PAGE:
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SPECIAL ISSUE

Feb. 24, 2012

VIGILANCE ON THE AUTOMATED ELECTION, AIM FOR MAXIMUM VOTER PARTICIPATION!


The electoral process does not begin and end with casting votes. From its inception, the students have been confounded by arbitrary guidelines in the filing of certificates of candidacy to the point that even our standard-bearer, Ynik Antes eligibility as a student has been questioned during the Central Electoral Board (CEB) deliberation due to unpaid loans. This years USC-CSC automated election poses a paradoxical challenge on the legitimacy of the election as a democratic process. On one hand posits a scientific community enticed by modernization while on the other is a glaring apprehension about its necessity and feasibility at this point. It is clear, however, that a lot of concerns cannot be resolved by poll automation alone. A warning, ignored UP Los Banos first attempt to automate the USC-CSC election last year was questioned on the grounds of its feasibility and necessity. Granting but not conceding that the CEB has established the necessity for automation back then, a thorough assessment could have lead to some important points for improvement for this years election, which the CEB must have overlooked. The Council of Student Leaders (CSL) has foreseen the possible adverse implications of a half-baked automated election. The assembly recommended to revert to manual election due to the lack of ample logistical preparations. Samahan ng Kabataan para sa Bayan (SAKBAYAN) supports the CSL resolution and was likewise disappointed to find out that the CEB has decided to automate with the insistence of the presiding officer, Office of Student Affairs director, Lt. Col. Vivian Gonzales who has been hell-bent with the proposal since last year. What surprises us more is the fact that the decision to automate had the blessing of some college student councils despite the unities forged during the CSL meeting. SAKBAYAN has been apprehensive about the automated election since it was proposed last year not because we are against the modernization of the process. We believe that there is nothing wrong with automation if it would make the democratic process of selecting our student leaders efficient and credible. But we also acknowledge the necessity for ample preparation time to ensure that the process will run smoothlysomething that the 2012 automated election seems to lack. As early as 9 am on Feb. 22, your party-alliance has been receiving a barrage of complaints of election irregularities, and technical and logistical difficulties. Equal opportunity for candidates Our poll watchers and supporters reported problems in the interface of the automation program. Some of our candidates do not have their photos on the election interface. The SAKBAYAN campaign team has submitted the said photos before the deadline set by the CEB. Due to slow connection, the headshots of our candidates in the interface do not appear correctly. Some voters even reported that some of the votes they cast were not included in the printout. There were also reports of errors in the designation of SAKBAYAN candidates in the interface, particularly in the CA student council slate. In the College of Agriculture (CA) minor polling precinct, our SAKBAYAN CA slate does not appear in the official list of candidates. Meanwhile, the official list of candidates at the College of Human Ecology (CHE) minor polling precinct show the College of Forestry and Natural Resources (CFNR) student council slate instead of the CHE slate. To ensure that the election is truly democratic, it is important that the candidates right to equal opportunity to be elected is present. The automated election promises to improve the experience of a democratic process through the provision of a user-friendly interface. The lapses on the part of the election committee places our candidates in a disadvantaged position. Its effect is no different from the violations of election guidelines on campaign materials committed by other major political party. Disenfranchisement If the candidates right to be elected is undermined, their voters are automatically disenfranchised. In the case of the 2012 automated election, the voters access to their right has been curtailed in more ways than one. The delays in the opening of major and minor polling precincts due to technical difficulties and logistical concerns are insidious forms of disenfranchisement. Many students have failed to cast their votes because the polling precincts could not accommodate at a convenient time.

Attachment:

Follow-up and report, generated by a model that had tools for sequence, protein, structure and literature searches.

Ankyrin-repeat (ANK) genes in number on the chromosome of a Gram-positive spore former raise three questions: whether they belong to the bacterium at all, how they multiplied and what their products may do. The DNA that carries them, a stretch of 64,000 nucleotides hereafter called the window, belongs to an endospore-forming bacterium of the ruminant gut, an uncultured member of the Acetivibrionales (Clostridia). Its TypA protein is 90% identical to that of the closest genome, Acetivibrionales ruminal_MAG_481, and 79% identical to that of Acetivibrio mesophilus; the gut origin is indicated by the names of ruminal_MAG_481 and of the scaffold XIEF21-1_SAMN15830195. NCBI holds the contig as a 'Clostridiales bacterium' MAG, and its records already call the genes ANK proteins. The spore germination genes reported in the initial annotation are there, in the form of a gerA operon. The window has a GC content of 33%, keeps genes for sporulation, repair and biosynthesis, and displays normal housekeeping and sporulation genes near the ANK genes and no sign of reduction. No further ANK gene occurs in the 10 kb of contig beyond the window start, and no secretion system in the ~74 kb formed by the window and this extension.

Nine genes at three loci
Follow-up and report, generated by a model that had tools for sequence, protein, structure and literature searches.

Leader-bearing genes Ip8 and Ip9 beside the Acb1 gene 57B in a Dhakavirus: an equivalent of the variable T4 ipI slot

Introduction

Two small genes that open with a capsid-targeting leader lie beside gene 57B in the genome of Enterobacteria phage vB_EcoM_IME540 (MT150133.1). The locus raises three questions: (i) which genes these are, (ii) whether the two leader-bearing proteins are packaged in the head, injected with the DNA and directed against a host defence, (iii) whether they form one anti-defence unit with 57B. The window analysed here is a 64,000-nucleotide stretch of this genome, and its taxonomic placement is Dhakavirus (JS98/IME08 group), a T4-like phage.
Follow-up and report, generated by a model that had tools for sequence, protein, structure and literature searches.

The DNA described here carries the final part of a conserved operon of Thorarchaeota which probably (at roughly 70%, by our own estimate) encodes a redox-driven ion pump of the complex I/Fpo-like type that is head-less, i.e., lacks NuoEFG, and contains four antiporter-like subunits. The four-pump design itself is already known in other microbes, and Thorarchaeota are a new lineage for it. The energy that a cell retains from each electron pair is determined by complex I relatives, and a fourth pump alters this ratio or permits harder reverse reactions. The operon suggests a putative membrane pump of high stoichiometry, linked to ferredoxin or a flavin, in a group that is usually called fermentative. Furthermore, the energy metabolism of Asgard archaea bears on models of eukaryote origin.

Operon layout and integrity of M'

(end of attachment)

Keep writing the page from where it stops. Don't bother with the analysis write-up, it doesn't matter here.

LIST OF ELECTION IRREGULARITIES REPORTED TO SAKBAYAN HEADQUARTERS